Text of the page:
Local 2 investigates what's in your food

Published On: May 23 2012 02:42:02 PM CDT
Updated On: May 23 2012 10:38:28 PM CDT

May 23, 2012: Maybe you've gotten good at reading labels and checking the ingredients of the foods you buy. Unfortunately, one woman discovered that won't necessarily protect you from some unsavory surprises. Amy Davis reports.

HOUSTON -

Maybe you've gotten good at reading labels and checking the ingredients of the foods you buy. Unfortunately, one woman discovered that won't necessarily protect you from some unsavory surprises.

Kristen Wells said she found a worm in a can of Campbell's Chicken Corn Chowder soup in February. She said she discovered the worm on her spoon after she had already eaten most of her lunch.

"I dropped the spoon," she said.  "I was just sitting there for a minute and I wanted to throw up, of course, and I couldn't."

When KPRC Local 2 told her the worm is acceptable by Food and Drug Administration standards, Wells she said she's rethinking canned goods altogether.

"I don't think most people realize that at all," said Wells.  

Did you realize that a 16-ounce jar of peanut butter could contain 134 insect fragments? A seven-ounce box of macaroni or noodles can have up to 224 insect parts and four rodent hairs. A small can of mushrooms can have about 20 maggots before an FDA inspector would be required to start an investigation.

"They're called residue tolerances, and basically you're allowed to have a certain number of rodent hairs per ounce of apple butter, for example," explained Sarah Klein, a nutrition consumer advocate with the Center for Science in the Public Interest.  

But Campbell said its standards are higher than what federal guidelines allow. John Faulkner, the director of Campbell's Soup's brand communications, said Campbell does receive complaints about its corn chowder more often because corn borer worms live in corn. 

In fiscal year 2011, Campbell had 1401 reports of insects or larvae in corn chowder, but to put those numbers into perspective, Faulkner said that's about one complaint for every 3 million cans of soup.

"No complaint is acceptable, and our consumer affairs team does their best to explain what the consumer has experienced, and we always offer a refund that more than covers the cost of the purchased product," Faulkner wrote in an emailed statement. "If there are continued questions, we will retrieve the item and run an analysis and provide a written report to the consumer of our findings."

What Raheel Bhimani said he found embedded in his snack cracker was nothing you'd find in nature.

"It was strange because it was like a staple, like a pin," Bhimani said.  "If I would've eaten it, then I could've possibly choked on it."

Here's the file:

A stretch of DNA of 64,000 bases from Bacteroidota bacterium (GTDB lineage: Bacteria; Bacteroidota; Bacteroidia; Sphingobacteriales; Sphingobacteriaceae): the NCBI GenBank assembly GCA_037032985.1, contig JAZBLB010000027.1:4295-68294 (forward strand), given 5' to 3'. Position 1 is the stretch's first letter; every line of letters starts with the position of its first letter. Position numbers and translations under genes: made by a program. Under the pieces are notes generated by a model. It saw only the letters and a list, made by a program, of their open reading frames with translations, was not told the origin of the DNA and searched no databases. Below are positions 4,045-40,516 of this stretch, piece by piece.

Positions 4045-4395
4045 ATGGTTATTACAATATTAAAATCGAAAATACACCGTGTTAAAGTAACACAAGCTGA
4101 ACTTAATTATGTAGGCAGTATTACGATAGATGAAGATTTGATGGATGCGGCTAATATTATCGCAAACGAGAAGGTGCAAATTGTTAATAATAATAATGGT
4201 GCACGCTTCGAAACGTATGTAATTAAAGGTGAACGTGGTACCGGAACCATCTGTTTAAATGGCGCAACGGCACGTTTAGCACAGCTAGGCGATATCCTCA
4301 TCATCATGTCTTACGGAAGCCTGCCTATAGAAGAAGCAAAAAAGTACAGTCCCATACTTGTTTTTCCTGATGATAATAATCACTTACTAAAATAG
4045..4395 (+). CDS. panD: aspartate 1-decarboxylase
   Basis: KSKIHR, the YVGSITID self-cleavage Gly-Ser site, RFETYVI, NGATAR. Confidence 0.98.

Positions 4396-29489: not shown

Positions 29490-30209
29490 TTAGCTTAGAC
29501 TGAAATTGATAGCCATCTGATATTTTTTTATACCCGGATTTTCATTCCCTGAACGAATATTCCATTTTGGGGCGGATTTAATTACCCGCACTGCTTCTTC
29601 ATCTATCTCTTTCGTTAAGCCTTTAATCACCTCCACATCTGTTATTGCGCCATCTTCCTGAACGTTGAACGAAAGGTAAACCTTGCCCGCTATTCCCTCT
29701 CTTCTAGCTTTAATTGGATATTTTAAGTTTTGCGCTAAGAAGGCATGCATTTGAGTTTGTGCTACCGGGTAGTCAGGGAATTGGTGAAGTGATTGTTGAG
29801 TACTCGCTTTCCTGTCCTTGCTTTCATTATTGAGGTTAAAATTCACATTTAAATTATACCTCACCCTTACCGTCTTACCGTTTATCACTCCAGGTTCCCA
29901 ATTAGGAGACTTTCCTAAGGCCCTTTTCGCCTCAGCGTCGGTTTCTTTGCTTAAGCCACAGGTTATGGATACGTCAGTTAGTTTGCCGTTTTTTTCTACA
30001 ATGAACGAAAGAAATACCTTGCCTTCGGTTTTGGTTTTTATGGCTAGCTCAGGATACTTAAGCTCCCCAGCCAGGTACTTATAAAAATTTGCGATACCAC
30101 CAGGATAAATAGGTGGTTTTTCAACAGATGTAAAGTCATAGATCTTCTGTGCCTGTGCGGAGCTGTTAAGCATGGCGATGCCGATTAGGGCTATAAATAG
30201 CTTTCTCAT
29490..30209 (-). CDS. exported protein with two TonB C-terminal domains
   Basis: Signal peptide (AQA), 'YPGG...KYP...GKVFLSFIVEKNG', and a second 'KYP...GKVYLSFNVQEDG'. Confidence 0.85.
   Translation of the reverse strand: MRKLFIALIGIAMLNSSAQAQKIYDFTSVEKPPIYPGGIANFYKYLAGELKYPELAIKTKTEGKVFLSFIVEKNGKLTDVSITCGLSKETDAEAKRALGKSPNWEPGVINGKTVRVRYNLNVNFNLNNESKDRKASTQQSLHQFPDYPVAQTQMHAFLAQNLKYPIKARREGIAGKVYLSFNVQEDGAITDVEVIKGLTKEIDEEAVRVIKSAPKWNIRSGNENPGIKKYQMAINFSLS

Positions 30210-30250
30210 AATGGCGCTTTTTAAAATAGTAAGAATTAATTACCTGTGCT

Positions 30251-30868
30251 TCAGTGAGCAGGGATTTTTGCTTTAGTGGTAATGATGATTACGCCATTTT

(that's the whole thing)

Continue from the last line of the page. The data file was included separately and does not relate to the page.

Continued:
Bhimani was eating a package of Noriann's Snack Crackers Bites when he pulled out a cracker with a metal pin that appeared to be baked inside.

"Those things are not allowed," Klein said. "There is no tolerance for them, certainly in terms of regulatory allowance for those things in food. They're simply not allowed."

But when Bhimani tried to report what he found to Noriann's, he couldn't find the company. The address listed with the Secretary of State's Office lead KPRC Local 2 to a post office box inside a UPS Store on Memorial. Turns out, the crackers are made and packaged in Panama then shipped to Houston to be distributed to local grocery stores. 

KPRC Local 2 tracked down the owner. He sent the following statement:

"Although we do not manufacture or package the products (we only distribute), we take this unfortunate situation very seriously and so does the manufacturer. The product has been on the shelves of over 100 stores for about two years and we have never had a complaint.  PASCUAL was immediately notified yesterday, and the line that produces this particular item has been shut down for a complete quality control inspection. FDA has been contacted and the company is working with them to "field" this complaint and be available to them for any information/inquiries they may have."

"The FDA simply doesn't have the manpower, nor do they have the statutory authority to have somebody, an inspector, in a plant at all times," said Klein.

The FDA does take complaints about foreign objects in food. Depending on the seriousness of the problem, the FDA will either investigate it immediately or will cover it during the next inspection of the facility responsible for the product.

If you have a complaint, contact the FDA's Texas Consumer Complaint Coordinator at 214-253-5237. Click here for the list of complaint coordinators for every region.

Click here to find the FDA's allowable limits of insects and rodent filth in all kinds of canned foods.

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